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FIRST-PERSON: The passion of hypocrisy

McMINNVILLE, Ore. (BP)–Regardless of your reaction to Mel Gibson’s “The Passion of The Christ,” it has done a marvelous job of exposing the hypocrisy of the artistic elite of American society.

Cinema is considered to be part of the world of art. As such, films are heralded for their interpretation of events and personalities and derided for lacking freshness or creativity. Filmmakers who dare to broach taboo subjects or who challenge convention are usually considered bold and daring.

Enter Mel Gibson’s interpretation of Jesus’ suffering and death on a Roman cross. From a strictly cinematic point of view, the film has all the elements that would normally elicit kudos from the avant-garde.

Creativity abounds in the film. The script was written in Aramaic and Latin. Subtitles allow viewers to follow the dialogue. Gibson’s depiction of Satan has to be considered, at the very least, provocative. The special effects are so well done they are almost invisible.

Images dominate the film. As such, like any work of art, they leave aspects of the movie open to interpretation. For some, The Passion may well raise more questions than it answers. However, I have been led to believe that one of the purposes of art is to make one ponder reality.

While The Passion of The Christ has been well-received by the movie-going public, grossing more than $200 million in less than two weeks, the artistic elite have by and large dismissed it. The basis for the negative reaction has been the film is either too violent or too narrow in its scope.

The Passion is the most violent movie I have ever seen. I do not recommend the film to those who are squeamish. That being said, its primary focus is the scourging and crucifixion of Jesus Christ. History records that these two forms of Roman punishment were gruesome if not outright sadistic.

For critics to slam The Passion for being too violent is disingenuous at best, and hypocritical at worst. I will point out that the “too violent” charge comes from the very community that lauded Quentin Tarantino’s gratuitously bloody “Kill Bill Vol. 1.” Other mindlessly violent movies have met with similar approval. At the very least, The Passion’s violence has a historical context.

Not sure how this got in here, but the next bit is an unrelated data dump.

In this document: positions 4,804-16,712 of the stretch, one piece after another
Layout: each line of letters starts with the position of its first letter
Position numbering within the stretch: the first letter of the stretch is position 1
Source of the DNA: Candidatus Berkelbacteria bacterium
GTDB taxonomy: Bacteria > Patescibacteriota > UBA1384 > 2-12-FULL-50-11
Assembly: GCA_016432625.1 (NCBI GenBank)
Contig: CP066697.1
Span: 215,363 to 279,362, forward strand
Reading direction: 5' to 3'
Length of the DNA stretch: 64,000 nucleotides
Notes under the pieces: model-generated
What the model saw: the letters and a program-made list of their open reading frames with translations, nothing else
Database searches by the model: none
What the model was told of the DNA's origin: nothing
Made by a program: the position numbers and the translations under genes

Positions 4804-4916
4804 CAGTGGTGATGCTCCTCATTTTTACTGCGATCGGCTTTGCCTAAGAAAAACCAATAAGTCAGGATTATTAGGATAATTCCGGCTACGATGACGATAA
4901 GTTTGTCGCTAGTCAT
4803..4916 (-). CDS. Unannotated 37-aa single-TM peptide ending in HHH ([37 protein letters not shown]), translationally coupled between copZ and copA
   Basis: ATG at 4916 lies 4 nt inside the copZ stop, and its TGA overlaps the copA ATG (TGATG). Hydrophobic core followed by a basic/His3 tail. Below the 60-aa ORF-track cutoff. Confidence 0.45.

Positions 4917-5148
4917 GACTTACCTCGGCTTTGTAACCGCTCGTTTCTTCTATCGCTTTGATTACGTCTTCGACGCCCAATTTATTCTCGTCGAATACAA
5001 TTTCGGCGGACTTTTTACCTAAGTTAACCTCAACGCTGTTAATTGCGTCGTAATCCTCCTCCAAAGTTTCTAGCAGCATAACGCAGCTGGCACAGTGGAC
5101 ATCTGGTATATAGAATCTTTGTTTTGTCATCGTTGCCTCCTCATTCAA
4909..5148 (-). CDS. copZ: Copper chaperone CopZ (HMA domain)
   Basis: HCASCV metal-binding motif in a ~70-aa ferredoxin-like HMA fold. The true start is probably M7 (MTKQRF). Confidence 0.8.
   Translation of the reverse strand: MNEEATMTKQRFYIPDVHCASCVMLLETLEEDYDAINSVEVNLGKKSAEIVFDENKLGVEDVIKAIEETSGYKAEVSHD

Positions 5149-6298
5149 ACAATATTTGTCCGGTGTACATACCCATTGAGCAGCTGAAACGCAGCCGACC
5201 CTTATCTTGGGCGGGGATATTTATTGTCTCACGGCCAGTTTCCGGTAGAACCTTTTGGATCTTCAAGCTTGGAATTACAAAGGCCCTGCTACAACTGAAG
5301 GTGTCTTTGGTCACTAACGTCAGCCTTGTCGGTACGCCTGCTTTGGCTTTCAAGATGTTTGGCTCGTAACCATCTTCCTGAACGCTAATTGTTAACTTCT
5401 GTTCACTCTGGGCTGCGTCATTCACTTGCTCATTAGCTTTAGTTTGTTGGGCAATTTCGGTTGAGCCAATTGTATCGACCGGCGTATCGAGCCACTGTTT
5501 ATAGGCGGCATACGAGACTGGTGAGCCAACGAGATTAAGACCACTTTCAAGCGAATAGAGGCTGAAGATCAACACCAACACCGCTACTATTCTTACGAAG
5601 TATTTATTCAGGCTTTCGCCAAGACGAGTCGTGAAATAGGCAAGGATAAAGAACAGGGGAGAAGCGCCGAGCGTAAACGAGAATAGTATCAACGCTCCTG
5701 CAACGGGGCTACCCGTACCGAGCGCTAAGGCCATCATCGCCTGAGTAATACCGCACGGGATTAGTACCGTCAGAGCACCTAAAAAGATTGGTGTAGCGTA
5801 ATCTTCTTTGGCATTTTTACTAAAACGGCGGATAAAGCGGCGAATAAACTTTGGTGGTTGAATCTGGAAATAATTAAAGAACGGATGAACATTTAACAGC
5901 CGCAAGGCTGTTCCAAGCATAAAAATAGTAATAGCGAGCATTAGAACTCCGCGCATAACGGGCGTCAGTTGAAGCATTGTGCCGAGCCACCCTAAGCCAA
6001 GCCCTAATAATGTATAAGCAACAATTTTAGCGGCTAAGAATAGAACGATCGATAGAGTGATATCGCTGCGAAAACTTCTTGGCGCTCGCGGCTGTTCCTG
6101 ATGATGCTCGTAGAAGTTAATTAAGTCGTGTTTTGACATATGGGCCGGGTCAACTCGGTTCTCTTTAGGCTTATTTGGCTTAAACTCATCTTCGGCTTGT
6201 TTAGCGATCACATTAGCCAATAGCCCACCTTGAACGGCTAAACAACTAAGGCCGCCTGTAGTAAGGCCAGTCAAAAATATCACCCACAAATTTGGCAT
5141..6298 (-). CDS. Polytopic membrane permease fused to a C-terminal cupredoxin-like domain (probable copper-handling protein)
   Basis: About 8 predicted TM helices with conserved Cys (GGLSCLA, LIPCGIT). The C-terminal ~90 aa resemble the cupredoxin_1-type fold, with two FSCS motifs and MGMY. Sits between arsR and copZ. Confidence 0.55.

As for The Passion being too narrowly focused, one reviewer commented that Gibson showed too much of Christ’s suffering and too little of His life and teaching. Perhaps this critic should have looked up [The] Passion in a dictionary before seeing the film. Included in the definitions found in the American Heritage Dictionary are: The sufferings of Jesus in the period following the Last Supper including the Crucifixion, and a narrative, musical setting or pictorial representation of Jesus’ sufferings.

Hello mister movie critic, the film is intended to be narrowly focused.

Movies about the life of Christ abound. Mel Gibson sought to do something fresh. In so doing, he has presented a compelling and thought-provoking portrait of a suffering Christ.

Probably the most scurrilous charge made by the artistic elite is that The Passion is anti-Semitic. The implication is that in supporting or approving of the film, you are giving tacit approval to those who have persecuted Jews throughout history.

The Passion portrays Jewish people who were sympathetic to Jesus’ suffering as well as those who wanted Him crucified. To wit, the film represents good Jews as well as bad Jews. However, in no way does the film intimate that the Jews as a whole are responsible for the death of Christ. To label The Passion as anti-Semitic, one would also have to seriously consider the New Testament in the same vein. A few critics have done just that.

It is interesting that reviewers who normally laud films that tackle controversial subjects with an avant-garde flair are cool toward Mel Gibson’s work. Critics who are usually blase toward blood and gratuitous gore are expressing shock over the depiction of Roman scourging and crucifixion. Those who present themselves as religiously tolerant find themselves choking on one of the central tenets of the Christian faith -– the suffering of Jesus Christ for the sins of mankind.

For the avant-garde to reject The Passion on artistic grounds is hypocritical. Mel Gibson has done a serious treatment about a Christ who willingly embraces suffering. Could it be the subject matter of The Passion that has the artistic elite so queasy?

If nothing else, The Passion begs one compelling question. Why did Jesus endure so much? Everyone who sees The Passion will have to deal with this query. Perhaps it is that question that the artistic elite wish to avoid.
Kelly Boggs is pastor of the Portland-area Valley Baptist Church in McMinnville. His column appears each Friday in Baptist Press.

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